Though our bitterness can absolutely cause pain to our ex-husbands (if we keep our kids from him, for instance, when it really isn’t a matter of any kind of emotional or physical safety at all), you know who our bitterness hurts the most?  I know you already know the answer to this. It truly hurts our children. And it deeply hurts ourselves.

Live at peace, as far as it is up to you (Romans 12:18).  Through my separation and divorce, I did not attack.  I wanted to, but I didn’t.  I did defend myself from time to time, but even then, I chose wisely what battles to fight.  (Very few, I might add.) But I came to a place of realizing somewhere along the way that I cannot control or change anyone but myself; I can’t make someone live at peace with me, but I can attempt to live at peace with everyone. For the most part, that entails, simply, not engaging.  We have the right and the choice not to keep a conversation going, not to retaliate.  Sometimes, it is important to stand up for what’s right but most of the time, walking away is the smartest thing we can do.

I want you free. Jesus wants you free.  Ask him to take over your heart, to bring you deep healing and restoration, and to help you live a bitter-free life……for your kids, for yourself, and for him.

Don’t even think about dating right now. Don’t even think about it. I know you’re lonely and hurt and feel rejected and abandoned. But a, if you’re merely separated, you are still married and dating would be adultery, but b, you’re not ready. You may think that a new guy would help you shake loose the old guy, nope, it won’t. I’m begging you, pretend other single men don’t even exist.

And sidenote: don’t share what you’re going through with a married man. You are vulnerable and in your vulnerability, you may become unintentionally inappropriate, and you might find yourself in a situation where anything another man says sounds wonderful to your hurting heart. In fact, don’t share what you’re going through with every person you encounter. Find a counselor. Talk to a pastor.  Share with one or two trusted women friends, who aren’t also friends with your soon-to-be-ex-husband.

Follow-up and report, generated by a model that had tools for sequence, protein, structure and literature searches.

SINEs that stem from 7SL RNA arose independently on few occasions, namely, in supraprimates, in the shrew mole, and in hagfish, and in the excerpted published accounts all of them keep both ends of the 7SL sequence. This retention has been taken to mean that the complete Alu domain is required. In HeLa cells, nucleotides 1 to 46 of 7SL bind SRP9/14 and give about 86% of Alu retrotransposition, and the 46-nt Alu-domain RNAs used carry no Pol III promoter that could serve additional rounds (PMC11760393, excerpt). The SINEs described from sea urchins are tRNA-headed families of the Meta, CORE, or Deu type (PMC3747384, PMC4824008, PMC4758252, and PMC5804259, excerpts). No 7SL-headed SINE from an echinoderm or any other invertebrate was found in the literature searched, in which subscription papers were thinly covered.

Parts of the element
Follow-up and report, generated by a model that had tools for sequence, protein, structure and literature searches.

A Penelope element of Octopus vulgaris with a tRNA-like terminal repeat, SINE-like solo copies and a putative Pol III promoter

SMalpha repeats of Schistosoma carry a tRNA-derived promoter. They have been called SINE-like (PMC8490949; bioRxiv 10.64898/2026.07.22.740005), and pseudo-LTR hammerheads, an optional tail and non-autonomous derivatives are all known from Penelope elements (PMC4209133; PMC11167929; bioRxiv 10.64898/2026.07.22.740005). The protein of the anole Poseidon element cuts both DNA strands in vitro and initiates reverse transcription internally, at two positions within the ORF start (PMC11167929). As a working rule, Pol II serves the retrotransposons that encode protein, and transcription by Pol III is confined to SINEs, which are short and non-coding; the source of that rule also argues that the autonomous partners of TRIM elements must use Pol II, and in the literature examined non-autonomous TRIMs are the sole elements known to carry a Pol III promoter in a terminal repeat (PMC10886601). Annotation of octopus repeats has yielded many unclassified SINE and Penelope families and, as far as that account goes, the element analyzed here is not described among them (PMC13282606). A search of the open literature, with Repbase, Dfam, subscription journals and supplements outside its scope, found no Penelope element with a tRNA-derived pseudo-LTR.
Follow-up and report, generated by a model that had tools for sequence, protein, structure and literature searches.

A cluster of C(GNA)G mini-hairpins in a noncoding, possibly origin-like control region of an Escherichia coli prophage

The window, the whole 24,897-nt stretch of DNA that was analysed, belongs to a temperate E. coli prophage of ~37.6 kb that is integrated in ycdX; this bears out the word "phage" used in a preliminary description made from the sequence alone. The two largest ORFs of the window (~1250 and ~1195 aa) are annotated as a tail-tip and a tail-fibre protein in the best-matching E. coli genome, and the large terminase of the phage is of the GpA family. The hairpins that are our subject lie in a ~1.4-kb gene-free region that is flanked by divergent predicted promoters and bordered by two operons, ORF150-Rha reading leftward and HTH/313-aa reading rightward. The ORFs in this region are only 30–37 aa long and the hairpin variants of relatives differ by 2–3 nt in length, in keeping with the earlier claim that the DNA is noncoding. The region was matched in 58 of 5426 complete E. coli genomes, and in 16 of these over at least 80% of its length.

You’ve got so much healing work to do. And yes, there are actual things you can do to bring about that healing in partnership with God and time going by. Divorce recovery does not just happen on its own. Time heals all wounds is bs.

I know that in your pain and anger, all of this might be falling on deaf ears. Hopefully you’ll hear me. Hopefully you’ll know it’s for your own good and your children’s good that I say any one of these hard things to you. You cannot change or control your stbx, but you are in charge of your thoughts and words and actions, and with the help of Jesus you can walk this out in a better way than you currently expect.

Every day ask Jesus to heal you, to calm your heart and mind, to direct your thoughts and words, to protect your heart, to help you forgive, to be as kind to him as you would be to a neighbor.

You and Jesus can do this, I promise you.

resources for additional healing:
Heartbreak to Hope (now PAY WHAT YOU CAN):
Unraveling: Hanging onto Faith through the End of a Christian Marriage:
Living through Divorce as a Christian Woman:
Moving On as a Christian Single Mom:

Life isn't always how we want it. When change seems elusive, and we're stuck in old routines, a gentle push or some self-reflection can make a difference. Let these questions be that nudge to get you moving.